A significant element of PSHE is children being aware of how to look after their bodies and understanding how their bodies are affected by different activities. Through Physical Education lessons, children are not only taught the physical aspect of how to compete in team games, for example, but also begin to consider how their bodies respond to exercise. Children begin to be aware of how their body works whilst exercising, understanding the effects that physical activity has on their body and how these can benefit them, both physically and mentally. Links to physical and mental health are also discussed to support children’s understanding through PE and awareness of mental health understanding in school.
Throughout History and Geography teaching, children explore a range of different eras and localities and through these units children are shown how life was or could be. Children are encouraged to think about how they would feel in a range of different time periods, contexts and areas and they draw comparisons to their own lives and views. Lots of discussion through History and Geography lessons, sharing opinions and taking into consideration other people’s views contributes to the values of PSHE teaching.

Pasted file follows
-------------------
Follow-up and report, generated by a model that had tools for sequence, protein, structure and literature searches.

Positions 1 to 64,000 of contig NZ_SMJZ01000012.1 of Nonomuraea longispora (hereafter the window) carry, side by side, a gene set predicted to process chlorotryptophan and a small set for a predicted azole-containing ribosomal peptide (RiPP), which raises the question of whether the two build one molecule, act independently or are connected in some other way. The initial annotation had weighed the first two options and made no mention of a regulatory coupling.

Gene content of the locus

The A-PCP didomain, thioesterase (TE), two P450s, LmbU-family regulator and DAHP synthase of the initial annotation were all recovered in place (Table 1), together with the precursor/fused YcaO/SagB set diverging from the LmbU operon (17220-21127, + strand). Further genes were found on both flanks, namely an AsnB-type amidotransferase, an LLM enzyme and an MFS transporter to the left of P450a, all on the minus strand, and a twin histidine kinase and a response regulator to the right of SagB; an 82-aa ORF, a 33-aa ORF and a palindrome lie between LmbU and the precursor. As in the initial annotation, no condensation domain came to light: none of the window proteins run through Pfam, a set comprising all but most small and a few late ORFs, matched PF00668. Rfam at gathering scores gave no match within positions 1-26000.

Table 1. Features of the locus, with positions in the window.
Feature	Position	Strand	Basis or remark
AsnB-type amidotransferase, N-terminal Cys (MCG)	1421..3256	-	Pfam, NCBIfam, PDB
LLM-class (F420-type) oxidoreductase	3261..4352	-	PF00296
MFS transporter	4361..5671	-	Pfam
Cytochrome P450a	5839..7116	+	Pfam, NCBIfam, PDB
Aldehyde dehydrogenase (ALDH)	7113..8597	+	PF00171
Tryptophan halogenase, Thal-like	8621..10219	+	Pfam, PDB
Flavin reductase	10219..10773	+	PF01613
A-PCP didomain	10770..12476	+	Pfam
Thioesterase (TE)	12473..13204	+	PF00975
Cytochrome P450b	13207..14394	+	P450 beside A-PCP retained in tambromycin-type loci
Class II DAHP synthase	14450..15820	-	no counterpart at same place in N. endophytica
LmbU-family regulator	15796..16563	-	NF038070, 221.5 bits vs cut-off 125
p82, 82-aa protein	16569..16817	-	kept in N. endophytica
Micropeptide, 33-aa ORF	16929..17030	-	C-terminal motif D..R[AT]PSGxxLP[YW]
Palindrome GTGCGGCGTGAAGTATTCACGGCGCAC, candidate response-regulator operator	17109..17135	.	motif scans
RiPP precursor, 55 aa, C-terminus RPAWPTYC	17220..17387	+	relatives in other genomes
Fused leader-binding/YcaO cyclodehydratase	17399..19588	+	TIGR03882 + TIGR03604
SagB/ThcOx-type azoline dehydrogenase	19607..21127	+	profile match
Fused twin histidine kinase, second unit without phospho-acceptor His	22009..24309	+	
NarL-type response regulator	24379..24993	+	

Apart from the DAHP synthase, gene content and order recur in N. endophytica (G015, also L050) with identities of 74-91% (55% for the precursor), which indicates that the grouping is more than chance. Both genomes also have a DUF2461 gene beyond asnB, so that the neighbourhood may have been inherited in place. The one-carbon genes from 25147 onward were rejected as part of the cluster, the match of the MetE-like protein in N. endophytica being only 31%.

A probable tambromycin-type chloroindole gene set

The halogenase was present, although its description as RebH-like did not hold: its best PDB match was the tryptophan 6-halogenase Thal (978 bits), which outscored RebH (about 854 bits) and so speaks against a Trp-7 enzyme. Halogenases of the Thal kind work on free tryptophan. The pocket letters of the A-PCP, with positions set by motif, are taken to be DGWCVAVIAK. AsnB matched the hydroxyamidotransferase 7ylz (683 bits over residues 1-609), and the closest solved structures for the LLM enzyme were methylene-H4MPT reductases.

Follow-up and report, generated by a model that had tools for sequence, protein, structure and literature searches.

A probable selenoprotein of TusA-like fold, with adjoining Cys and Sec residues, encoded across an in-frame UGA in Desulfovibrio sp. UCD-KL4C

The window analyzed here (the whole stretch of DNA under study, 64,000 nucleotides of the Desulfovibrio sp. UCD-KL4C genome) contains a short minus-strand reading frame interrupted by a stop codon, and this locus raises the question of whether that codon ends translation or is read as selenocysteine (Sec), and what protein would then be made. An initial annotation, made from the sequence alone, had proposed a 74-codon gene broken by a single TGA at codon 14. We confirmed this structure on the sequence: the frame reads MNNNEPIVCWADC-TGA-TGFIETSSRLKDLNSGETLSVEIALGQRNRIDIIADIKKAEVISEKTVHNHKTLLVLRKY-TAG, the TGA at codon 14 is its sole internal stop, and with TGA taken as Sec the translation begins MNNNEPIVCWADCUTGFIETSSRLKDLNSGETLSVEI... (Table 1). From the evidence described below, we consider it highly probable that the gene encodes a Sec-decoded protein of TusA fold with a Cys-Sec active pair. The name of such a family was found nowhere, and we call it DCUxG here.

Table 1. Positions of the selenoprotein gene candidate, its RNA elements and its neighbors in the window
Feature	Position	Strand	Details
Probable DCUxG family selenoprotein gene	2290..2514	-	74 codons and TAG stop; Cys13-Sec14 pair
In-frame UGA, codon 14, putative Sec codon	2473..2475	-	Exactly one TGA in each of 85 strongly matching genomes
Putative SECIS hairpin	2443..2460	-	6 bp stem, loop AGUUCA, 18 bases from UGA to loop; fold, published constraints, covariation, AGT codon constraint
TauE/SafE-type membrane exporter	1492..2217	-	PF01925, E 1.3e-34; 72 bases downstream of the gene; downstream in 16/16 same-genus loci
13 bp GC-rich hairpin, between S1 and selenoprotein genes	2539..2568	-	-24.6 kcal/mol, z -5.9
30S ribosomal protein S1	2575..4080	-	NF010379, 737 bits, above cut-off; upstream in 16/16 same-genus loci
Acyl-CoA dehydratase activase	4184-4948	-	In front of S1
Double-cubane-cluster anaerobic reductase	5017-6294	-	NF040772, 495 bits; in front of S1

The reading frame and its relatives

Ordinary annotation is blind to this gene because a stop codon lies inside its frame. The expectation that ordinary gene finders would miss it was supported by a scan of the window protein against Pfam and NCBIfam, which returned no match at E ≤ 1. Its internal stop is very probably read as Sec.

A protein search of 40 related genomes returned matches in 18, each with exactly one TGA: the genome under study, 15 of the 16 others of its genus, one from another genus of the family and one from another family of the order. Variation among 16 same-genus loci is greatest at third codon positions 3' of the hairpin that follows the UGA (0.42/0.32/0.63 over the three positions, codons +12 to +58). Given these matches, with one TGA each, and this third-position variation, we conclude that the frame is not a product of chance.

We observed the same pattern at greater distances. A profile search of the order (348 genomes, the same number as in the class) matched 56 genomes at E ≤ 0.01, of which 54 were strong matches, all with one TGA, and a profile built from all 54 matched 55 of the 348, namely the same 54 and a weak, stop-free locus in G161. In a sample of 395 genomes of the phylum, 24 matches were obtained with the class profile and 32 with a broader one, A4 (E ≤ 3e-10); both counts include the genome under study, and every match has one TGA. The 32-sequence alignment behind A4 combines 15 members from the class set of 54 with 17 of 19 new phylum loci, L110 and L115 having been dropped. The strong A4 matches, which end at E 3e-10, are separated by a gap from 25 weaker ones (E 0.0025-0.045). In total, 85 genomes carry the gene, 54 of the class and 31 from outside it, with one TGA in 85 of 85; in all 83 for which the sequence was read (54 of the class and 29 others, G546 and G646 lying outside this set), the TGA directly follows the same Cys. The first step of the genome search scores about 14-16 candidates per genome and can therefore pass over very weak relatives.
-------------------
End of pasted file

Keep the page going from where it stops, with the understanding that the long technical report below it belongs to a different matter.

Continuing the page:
Online safety, e-safety and bullying are all important areas of the PSHE, in addition to the computing curriculum. During e-safety week, anti-bullying week and computing lessons, specific teaching enables children to learn how to stay safe online, consider how they feel when online and helps them to understand how they and others can be influenced, raising their awareness of positive and negative relationships, how to stay safe and who to speak to if they are concerned.
Fundamental life skills are often taught in art and design technology, in addition to the appreciation of others’ artwork and different skill bases. Through the design process and reflection, children are able to share their ideas and opinions, work together and learn from each other in mutually respectful ways.
Teachers set high expectations for every pupil. They plan challenging work to enable all pupils to make good progress regardless of their academic ability or background. We expect all children to make good progress albeit from different starting points. Our curriculum prepares all children for the next stage of their education.